A night in a sleep lab should be able to answer this question. I think it may have implications for how a sleep specialist would treat it.

    My father used to sleep walk. It follows the same pattern, occurring in stage 4. He'd be solidly asleep and you could just point him back to bed and he'd walk back without waking. My daughter had night terrors around age 4 - it's actually a very common thing in childhood; less so for adults.

    If you can, I'd try to see a sleep specialist if you haven't already.
     
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  9. telemnemonics

    telemnemonics Poster Extraordinaire

    Age:
    57
    Mar 2, 2010
    Maine
    No ears required for dreaming.
     
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  10. nojazzhere

    nojazzhere Tele-Holic

    Age:
    65
    501
    Feb 3, 2017
    Foat Wuth, Texas
    Interesting thread. I've had what I thought were "bad" dreams most of my life, but NOTHING like what some of you experience....you really have my sympathies. I often have broken sleep (since I've gotten older) but usually simply needing to use the bathroom, and then I quickly go back to sleep. The only exceptions are if I'm having personal, family issues that gnaw at me, making it difficult to fall back asleep. Thanks to you guys for reminding me that not only is the grass rarely greener on the other side of the fence, but there are often bears and monsters and wildfires and who knows what over there.....and I'm safer here where I am.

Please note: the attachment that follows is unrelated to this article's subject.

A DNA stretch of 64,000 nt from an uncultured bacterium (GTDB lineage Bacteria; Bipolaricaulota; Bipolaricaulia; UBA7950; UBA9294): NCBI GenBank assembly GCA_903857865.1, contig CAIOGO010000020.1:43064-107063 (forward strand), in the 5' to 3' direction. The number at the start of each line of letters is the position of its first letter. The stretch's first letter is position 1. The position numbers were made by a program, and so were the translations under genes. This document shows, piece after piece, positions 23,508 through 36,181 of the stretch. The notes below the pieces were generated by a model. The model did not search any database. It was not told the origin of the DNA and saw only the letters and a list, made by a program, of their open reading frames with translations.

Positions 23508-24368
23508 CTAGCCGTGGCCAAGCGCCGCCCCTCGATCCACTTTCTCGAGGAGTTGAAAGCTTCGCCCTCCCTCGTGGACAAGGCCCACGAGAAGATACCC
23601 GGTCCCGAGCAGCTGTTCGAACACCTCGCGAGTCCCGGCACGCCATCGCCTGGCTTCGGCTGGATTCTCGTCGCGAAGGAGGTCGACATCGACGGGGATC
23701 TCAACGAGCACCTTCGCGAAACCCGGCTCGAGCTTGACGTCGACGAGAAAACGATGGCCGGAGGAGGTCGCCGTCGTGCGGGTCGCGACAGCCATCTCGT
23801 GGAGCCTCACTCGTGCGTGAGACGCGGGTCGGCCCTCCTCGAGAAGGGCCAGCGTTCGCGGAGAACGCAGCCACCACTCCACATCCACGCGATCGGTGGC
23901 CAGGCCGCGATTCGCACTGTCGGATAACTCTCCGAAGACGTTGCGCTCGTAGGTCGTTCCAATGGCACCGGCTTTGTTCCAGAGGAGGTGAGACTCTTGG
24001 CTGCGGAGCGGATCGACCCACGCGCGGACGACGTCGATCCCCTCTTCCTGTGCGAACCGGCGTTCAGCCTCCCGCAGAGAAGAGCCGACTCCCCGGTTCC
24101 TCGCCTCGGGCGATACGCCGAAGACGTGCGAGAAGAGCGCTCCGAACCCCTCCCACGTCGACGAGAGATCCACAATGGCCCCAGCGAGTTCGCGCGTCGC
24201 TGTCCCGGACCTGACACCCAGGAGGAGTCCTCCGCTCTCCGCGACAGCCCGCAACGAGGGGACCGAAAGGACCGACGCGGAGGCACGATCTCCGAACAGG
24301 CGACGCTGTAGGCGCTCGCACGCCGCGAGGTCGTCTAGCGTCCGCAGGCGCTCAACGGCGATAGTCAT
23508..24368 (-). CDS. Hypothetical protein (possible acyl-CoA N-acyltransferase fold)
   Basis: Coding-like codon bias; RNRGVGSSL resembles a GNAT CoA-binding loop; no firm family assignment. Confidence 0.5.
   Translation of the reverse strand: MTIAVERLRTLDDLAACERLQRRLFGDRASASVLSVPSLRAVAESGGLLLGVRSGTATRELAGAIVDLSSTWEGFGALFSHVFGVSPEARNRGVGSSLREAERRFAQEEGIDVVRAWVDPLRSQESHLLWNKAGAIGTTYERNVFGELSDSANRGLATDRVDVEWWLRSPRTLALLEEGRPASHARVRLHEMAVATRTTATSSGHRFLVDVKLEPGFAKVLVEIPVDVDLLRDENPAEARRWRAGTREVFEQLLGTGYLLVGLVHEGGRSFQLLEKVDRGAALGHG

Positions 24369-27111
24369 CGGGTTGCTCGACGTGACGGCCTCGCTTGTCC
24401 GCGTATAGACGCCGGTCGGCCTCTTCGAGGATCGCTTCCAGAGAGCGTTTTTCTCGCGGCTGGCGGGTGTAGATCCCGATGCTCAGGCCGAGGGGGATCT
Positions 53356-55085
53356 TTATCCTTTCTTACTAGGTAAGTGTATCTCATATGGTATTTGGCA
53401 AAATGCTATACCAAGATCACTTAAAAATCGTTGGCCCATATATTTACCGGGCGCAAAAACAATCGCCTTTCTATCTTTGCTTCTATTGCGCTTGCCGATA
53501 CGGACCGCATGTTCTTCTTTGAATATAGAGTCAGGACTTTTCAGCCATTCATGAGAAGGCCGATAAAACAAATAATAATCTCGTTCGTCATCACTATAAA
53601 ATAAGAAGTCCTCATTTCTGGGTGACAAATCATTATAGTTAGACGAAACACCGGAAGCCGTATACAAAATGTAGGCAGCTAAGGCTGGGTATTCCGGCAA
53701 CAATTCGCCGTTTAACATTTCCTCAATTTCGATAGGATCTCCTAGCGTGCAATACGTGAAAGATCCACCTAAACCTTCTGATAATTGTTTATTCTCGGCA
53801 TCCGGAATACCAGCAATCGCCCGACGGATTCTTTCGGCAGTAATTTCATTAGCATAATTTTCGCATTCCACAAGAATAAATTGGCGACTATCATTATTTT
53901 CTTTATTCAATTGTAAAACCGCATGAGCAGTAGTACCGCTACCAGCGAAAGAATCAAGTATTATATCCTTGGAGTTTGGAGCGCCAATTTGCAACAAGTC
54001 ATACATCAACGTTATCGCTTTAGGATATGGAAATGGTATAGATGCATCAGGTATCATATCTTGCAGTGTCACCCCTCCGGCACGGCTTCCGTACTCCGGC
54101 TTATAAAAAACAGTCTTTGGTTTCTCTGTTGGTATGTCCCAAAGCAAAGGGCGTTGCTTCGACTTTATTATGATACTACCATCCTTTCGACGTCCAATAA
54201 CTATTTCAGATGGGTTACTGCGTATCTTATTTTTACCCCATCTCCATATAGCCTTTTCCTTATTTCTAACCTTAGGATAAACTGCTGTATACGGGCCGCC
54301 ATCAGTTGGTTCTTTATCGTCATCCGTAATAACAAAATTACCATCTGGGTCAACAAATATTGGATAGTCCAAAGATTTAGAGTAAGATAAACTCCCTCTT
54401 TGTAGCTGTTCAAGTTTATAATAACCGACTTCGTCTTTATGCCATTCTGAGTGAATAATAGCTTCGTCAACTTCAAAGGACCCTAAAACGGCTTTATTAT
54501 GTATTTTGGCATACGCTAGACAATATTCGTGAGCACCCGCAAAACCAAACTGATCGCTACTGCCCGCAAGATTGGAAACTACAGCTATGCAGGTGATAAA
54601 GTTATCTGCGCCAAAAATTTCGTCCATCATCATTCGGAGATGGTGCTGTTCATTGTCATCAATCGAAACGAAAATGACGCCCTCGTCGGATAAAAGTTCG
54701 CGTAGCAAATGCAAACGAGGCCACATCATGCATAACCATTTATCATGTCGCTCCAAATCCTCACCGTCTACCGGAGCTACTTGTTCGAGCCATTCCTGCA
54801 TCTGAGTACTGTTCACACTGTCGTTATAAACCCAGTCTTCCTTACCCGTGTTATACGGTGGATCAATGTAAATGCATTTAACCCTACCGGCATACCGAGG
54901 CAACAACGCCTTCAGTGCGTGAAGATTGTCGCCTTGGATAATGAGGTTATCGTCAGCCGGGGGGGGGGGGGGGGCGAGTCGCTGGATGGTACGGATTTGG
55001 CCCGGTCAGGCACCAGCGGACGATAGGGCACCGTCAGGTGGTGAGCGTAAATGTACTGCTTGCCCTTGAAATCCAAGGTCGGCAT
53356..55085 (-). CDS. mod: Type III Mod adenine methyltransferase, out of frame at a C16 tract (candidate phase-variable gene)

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  11. telemnemonics

    telemnemonics Poster Extraordinaire

    Age:
    57
    Mar 2, 2010
    Maine
    IDK if it would help, but it might be worth catching a small event with an actual master behind the books.
    Preferably not a Westerner who got a PHD reading about the subject of enlightenment.
    I've been to some and it is somewhat more powerful to hear translated Tibetan in real time as opposed to reading about it in a book.
    At some you can ask questions, but again, they may not actually be able to help you.
    At one I was sitting there thinking a question, and the Tibetan Lama (some sort of high master) answered it out loud.
     
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  12. Frank'n'censed

    Frank'n'censed Poster Extraordinaire

    Mar 27, 2011
    Parts Unknown
    You missed my allusion...ears to you
     
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  13. telemnemonics

    telemnemonics Poster Extraordinaire

    Age:
    57
    Mar 2, 2010